Fernanda Coppel was already an established playwright when, like many in her profession, she decided to double down and try her hand at writing for television. Breaking into this male-dominated environment would prove to be difficult but it also inspired one interesting play.
When: To July 16
Where: Windy City Playhouse, 3014 W. Irving Park
“I’d had a couple of pretty hard jobs and a lot of people telling me I wasn’t really going to make it,” Coppel recalls. “I was getting a lot of negative feedback and it was wearing on me. So I sat down to write this successful woman of color who would say and do all the things I wished I could say and do.”
The result was “King Liz,” a no-holds-barred portrait of a powerful woman at the top of her game who must face the biggest challenge of her career. Liz Rico has worked for more than two decades for the Candy Agency where her ruthless professionalism has helped her reach the pinnacle of the sports agent hierarchy. She has an elite client roster and her boss and mentor hints that she is in line to take over as head of the agency, which she has helped build. But will signing a talented but volatile high school basketball superstar with a troubled past help or hinder that goal?
“I think Liz is the inspiring woman we all want to be,” Coppel says. “But to live with that level of success you have to live with a lot of sacrifices whether it’s personal or professional. I wanted to explore what it means to be a successful woman of color in this corporate environment.”
“King Liz” takes the stage at Windy City Playhouse under the direction of Chuck Smith, who also directed the Goodman Theatre’s current critically acclaimed production of “Objects in the Mirror.” Lanise Shelley stars as Liz with Eric Gerard as NBA hopeful Freddie Luna, Jackie Alamillo as Liz’s assistant Gabby, Caron Buinis as reporter Barbara Flowers, Frank Nall as Mr. Candy and Phillip Edward Van Lear as Coach Jones.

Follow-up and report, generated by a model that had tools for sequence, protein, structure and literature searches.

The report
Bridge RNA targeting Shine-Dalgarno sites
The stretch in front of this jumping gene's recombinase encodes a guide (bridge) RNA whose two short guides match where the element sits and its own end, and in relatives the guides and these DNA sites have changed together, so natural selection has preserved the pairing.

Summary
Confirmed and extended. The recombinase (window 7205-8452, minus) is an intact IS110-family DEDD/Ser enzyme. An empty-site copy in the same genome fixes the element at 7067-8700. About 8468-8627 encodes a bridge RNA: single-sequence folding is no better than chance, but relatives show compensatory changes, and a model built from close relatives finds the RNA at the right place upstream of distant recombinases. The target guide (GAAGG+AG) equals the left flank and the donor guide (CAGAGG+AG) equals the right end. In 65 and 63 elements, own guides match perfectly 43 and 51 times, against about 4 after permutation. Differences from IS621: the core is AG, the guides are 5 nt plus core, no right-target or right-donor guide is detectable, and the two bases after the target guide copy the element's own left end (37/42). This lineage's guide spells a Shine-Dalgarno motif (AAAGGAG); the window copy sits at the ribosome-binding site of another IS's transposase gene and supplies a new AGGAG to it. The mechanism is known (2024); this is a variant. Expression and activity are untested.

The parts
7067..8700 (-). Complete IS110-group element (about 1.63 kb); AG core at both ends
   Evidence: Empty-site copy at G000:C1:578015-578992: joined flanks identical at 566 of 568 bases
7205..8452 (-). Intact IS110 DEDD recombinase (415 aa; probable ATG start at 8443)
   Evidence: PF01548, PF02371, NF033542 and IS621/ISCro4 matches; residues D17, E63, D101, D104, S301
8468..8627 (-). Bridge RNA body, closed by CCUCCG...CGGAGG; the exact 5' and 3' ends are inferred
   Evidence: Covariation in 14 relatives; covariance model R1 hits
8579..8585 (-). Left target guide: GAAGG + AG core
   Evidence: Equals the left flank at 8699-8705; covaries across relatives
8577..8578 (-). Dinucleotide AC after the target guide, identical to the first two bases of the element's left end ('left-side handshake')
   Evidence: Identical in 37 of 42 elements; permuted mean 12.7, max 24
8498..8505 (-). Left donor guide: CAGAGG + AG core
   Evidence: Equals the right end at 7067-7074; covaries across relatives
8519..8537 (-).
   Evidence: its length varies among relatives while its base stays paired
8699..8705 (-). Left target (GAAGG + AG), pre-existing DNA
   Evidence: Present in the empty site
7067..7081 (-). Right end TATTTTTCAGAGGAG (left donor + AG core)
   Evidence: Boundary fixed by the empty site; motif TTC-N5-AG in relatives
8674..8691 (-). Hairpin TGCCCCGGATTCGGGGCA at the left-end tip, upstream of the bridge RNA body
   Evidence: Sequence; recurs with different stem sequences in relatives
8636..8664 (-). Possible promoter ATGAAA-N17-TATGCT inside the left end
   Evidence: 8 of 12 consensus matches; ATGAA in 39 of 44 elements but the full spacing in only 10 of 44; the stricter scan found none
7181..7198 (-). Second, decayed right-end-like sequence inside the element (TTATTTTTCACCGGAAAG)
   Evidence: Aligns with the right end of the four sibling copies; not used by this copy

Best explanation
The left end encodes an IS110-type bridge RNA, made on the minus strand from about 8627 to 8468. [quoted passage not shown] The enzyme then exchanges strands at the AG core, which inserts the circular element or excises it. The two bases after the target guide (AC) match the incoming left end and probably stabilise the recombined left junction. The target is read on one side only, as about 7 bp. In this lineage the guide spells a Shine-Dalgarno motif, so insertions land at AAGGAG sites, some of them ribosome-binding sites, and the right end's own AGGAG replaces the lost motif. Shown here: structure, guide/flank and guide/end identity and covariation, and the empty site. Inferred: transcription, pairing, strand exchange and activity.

Smith says he was drawn to Coppel’s “unique look” at a woman in a man’s world who has carved her way to the top.
“What Fernanda does so well here is make this character so very human,” Smith says. “Liz is accessible, interesting and compelling. You can’t take your eyes off of her.”
Coppel says Liz isn’t based on any one agent. However she did interrogate her own theater agent, Scott Chaloff, as well as Jill Smoller, a powerful sports agent at William Morris Endeavor Entertainment, in order to get a feel for the right mindset.
“I pestered them with questions,” she says with a laugh. “And Jill was gracious enough to answer personal questions and open up the world of what she does so well.”
Since Coppel’s a diehard basketball fan, setting the play in the world of basketball was a no-brainer.
“The sport has fascinated me since I was a kid,” she says. “I love the game of it and the level of competition. But as I got older I also learned to listen to the personal stories of the players. For most of them, this is their shot to make it. It’s the epitome of the American dream.”
Actress Lanise Shelley who plays Liz readily admits she doesn’t share Coppel’s basketball connection; she relied on her sister and friends for intel on the sport. And as a way of getting into Liz’s mindset, she watched everyone’s favorite movie about a sports agent.
“Yes, I watched ‘Jerry McGuire’ for research,” Shelley says laughing. “There are so many similar scenes in the movie and the play. Both Liz and Jerry have something they are reaching for and everyone else just better get out of their way.”
And what about that aforementioned other side of her career? The Los Angeles-based Coppel stuck with it and is currently on the writing staff for the new NBC show “Rise,” set in the world of high school musicals. (In 2015, Showtime optioned “King Liz” and hired Coppel to write the pilot but the cable network recently passed on the pilot. She hopes to find another home for it.)
Coppel says it makes sense that so many playwrights do well as television writers.
“Many television shows are now character driven and I think playwrights really excel in those types of show,” Coppel says. “We specialize in creating characters and sustaining their arcs and knowing all their little details and intricacies. It can be really rewarding and a fun process if you are inspired by the material.”
Mary Houlihan is a local freelance writer.